next project is to develop a pretty secure citizen's phone that
scrambles conversations.

At this point, of course, it's possible to wonder if the humiliation
of Big Brother isn't being taken beyond reasonable limits. Some
Government monopolies are not so bad: the use of force, for one. If
you believe the F.B.I. is bugging your conversations, you'll want to
see Zimmermann in the inventors' hall of fame; if terrorism and
organized crime seem the more immediate threats, the universal right
to absolute privacy looks less compelling.

Is it possible for the state to get too weak in relation to its
possible adversaries? That's the last thought that occurs to Americans
across a wide spectrum of opinion, from free market economists to
civil libertarians. From a variety of motives, they persistently call
for governmental power to be curbed. The present headlong
democratization of high technology is the flower of a decade of
economic deregulation, and of the fading influence of military
procurement as a driver of technical progress.

The state is so familiar a political structure that its endurance is
hard to doubt. For economists and political analysts, it is the only
unit of account. Yet in his recent book, "The Transformation of War,"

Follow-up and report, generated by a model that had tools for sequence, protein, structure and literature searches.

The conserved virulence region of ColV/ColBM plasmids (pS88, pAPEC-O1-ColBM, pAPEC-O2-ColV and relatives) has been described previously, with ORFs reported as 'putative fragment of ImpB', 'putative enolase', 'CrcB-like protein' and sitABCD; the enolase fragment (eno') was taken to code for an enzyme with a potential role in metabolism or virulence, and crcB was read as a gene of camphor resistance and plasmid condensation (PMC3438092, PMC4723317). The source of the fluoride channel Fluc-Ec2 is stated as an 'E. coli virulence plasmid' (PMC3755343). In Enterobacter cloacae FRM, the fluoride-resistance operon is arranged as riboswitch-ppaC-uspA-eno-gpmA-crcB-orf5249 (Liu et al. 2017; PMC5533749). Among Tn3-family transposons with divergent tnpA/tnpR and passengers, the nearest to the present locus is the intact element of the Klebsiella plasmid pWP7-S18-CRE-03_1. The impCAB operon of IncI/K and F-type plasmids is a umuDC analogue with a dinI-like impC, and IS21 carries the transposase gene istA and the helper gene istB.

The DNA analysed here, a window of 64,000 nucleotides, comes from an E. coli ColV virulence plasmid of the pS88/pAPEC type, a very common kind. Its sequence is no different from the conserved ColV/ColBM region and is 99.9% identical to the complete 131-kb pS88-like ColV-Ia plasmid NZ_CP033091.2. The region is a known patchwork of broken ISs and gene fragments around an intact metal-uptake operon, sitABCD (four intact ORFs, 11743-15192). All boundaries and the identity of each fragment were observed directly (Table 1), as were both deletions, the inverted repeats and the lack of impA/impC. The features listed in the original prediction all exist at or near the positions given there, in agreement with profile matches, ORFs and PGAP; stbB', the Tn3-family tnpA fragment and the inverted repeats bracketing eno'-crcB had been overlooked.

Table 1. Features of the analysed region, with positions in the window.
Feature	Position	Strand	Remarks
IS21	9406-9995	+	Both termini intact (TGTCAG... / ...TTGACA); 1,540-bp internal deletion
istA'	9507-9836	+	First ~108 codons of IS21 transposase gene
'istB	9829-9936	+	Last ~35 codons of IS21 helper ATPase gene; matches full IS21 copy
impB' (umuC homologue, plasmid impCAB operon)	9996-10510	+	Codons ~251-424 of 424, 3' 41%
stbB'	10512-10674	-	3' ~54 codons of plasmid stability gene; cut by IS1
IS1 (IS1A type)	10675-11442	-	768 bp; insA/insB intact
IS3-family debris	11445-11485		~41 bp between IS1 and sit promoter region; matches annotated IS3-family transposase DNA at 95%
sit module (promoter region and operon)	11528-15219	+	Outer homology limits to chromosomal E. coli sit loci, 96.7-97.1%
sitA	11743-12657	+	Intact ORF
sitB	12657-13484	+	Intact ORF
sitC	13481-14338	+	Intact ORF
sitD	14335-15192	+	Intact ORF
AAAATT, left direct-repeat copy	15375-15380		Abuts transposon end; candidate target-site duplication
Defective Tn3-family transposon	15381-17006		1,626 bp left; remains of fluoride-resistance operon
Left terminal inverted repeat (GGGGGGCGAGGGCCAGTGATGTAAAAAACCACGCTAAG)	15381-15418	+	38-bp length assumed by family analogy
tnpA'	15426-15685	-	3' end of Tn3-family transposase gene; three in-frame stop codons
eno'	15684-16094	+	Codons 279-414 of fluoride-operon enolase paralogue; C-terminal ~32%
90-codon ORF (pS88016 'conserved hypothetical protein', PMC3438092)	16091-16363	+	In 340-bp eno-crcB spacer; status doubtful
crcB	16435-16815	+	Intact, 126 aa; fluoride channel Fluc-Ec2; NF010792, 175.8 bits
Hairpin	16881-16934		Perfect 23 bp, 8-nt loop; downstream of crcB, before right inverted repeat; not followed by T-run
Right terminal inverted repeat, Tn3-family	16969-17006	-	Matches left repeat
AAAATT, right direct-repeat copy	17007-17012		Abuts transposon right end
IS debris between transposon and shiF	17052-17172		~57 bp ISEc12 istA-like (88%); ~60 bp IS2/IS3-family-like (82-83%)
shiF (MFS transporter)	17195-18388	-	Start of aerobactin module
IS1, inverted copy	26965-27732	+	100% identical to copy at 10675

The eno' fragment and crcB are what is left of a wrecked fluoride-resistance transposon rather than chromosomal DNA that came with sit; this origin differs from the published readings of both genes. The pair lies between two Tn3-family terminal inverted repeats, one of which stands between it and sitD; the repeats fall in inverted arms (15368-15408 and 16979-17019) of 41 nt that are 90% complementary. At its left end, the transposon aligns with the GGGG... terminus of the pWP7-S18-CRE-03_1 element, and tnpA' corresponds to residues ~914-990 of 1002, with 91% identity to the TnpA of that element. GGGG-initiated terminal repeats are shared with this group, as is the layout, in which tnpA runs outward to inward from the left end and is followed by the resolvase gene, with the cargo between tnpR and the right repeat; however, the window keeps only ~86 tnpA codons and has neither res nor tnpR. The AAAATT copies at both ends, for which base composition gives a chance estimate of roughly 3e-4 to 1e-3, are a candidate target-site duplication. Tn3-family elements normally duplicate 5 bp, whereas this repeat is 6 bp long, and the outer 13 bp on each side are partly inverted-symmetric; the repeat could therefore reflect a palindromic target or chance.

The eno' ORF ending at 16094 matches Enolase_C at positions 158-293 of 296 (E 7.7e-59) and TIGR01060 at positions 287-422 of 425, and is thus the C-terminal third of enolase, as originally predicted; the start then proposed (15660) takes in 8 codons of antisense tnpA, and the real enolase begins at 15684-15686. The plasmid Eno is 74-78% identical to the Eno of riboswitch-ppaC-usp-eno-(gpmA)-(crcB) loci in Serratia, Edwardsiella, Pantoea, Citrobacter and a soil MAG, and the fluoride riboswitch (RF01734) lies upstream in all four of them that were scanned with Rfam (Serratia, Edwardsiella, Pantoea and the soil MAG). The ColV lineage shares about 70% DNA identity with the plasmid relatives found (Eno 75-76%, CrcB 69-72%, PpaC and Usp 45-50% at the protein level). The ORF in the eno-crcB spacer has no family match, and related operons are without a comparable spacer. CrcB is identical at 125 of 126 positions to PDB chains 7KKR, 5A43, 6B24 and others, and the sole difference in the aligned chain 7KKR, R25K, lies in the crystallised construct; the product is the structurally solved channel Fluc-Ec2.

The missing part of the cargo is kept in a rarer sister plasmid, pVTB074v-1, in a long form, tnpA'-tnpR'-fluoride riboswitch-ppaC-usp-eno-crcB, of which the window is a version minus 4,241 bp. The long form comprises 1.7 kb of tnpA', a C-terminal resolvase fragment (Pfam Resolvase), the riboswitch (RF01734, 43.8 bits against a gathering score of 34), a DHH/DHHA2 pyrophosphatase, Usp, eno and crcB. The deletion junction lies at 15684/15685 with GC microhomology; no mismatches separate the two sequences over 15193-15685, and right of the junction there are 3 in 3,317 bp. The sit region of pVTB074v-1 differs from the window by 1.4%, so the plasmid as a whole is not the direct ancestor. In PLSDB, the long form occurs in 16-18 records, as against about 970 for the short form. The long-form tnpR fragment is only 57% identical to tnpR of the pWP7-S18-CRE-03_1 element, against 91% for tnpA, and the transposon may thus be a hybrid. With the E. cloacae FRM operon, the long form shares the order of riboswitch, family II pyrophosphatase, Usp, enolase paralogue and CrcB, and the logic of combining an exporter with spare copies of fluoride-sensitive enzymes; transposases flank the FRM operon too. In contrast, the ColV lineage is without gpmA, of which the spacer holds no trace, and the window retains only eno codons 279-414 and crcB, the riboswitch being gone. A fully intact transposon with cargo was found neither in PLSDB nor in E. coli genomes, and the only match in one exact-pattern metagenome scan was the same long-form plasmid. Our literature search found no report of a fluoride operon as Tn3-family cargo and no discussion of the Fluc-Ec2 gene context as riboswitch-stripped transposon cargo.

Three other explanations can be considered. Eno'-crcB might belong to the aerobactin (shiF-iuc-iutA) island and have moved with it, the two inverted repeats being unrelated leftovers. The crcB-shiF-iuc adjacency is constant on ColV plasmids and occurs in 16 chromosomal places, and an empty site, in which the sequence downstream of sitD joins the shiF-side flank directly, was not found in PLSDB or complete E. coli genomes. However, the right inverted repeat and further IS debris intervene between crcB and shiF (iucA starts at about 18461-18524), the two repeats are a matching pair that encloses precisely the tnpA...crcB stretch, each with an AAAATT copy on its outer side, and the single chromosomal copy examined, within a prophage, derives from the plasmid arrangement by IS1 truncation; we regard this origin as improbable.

the noted military historian Martin van Creveld argues that since
modern states are no longer able to fight each other for fear of
nuclear war, conventional warfare, too, has become outmoded. Since the
purpose of states (at least in the view of military historians) is to
fight each other, states that cannot do so must sooner or later yield
to organizations that will, like sects, tribes and cults.

"In North America and Western Europe, future war-making entities will
probably resemble the Assassins, the group which ... terrorized the
medieval Middle East for two centuries," van Creveld predicts.
Regular armed forces, as has happened in Lebanon, will degenerate into
police forces or mere armed gangs; the day of the condottieri will

Van Creveld is not the only analyst to fear for the state. From quite
different reasoning, the political scientist Samuel P.  Huntington
argued in a widely read essay in Foreign Affairs last year that world
politics would be shaped in future by clashes between cultures and
religions. As the West loses its military and economic predominance,
the counterresponse from the rest of the world will be couched in
religious and cultural terms: "The fault lines between civilizations
will be the battle lines of the future," he wrote.

Even without fully embracing these forecasts of the state's eclipse,
it's hard to ignore such recent incidents as the bombing of the World
Trade Center or the car bombings of Jewish organizations in Buenos
Aires and London. Terrorists with secure phones, satellite maps,
accurate positioning and a sophisticated understanding of modern
communications systems could bring down not just a few buildings but
large sections of a modern economy.

Big Brother is dead. The only serious likelihood of his resurrection
lies in reaction to the chaos and disintegration that an era of Little
Brothers might bring.

[ The copy I received had no copyright markings on it; as it was posted
  to a public list, I am assuming that it is publicly redistributable
  -- WCB ]

[=] © 1994 Peter Langston []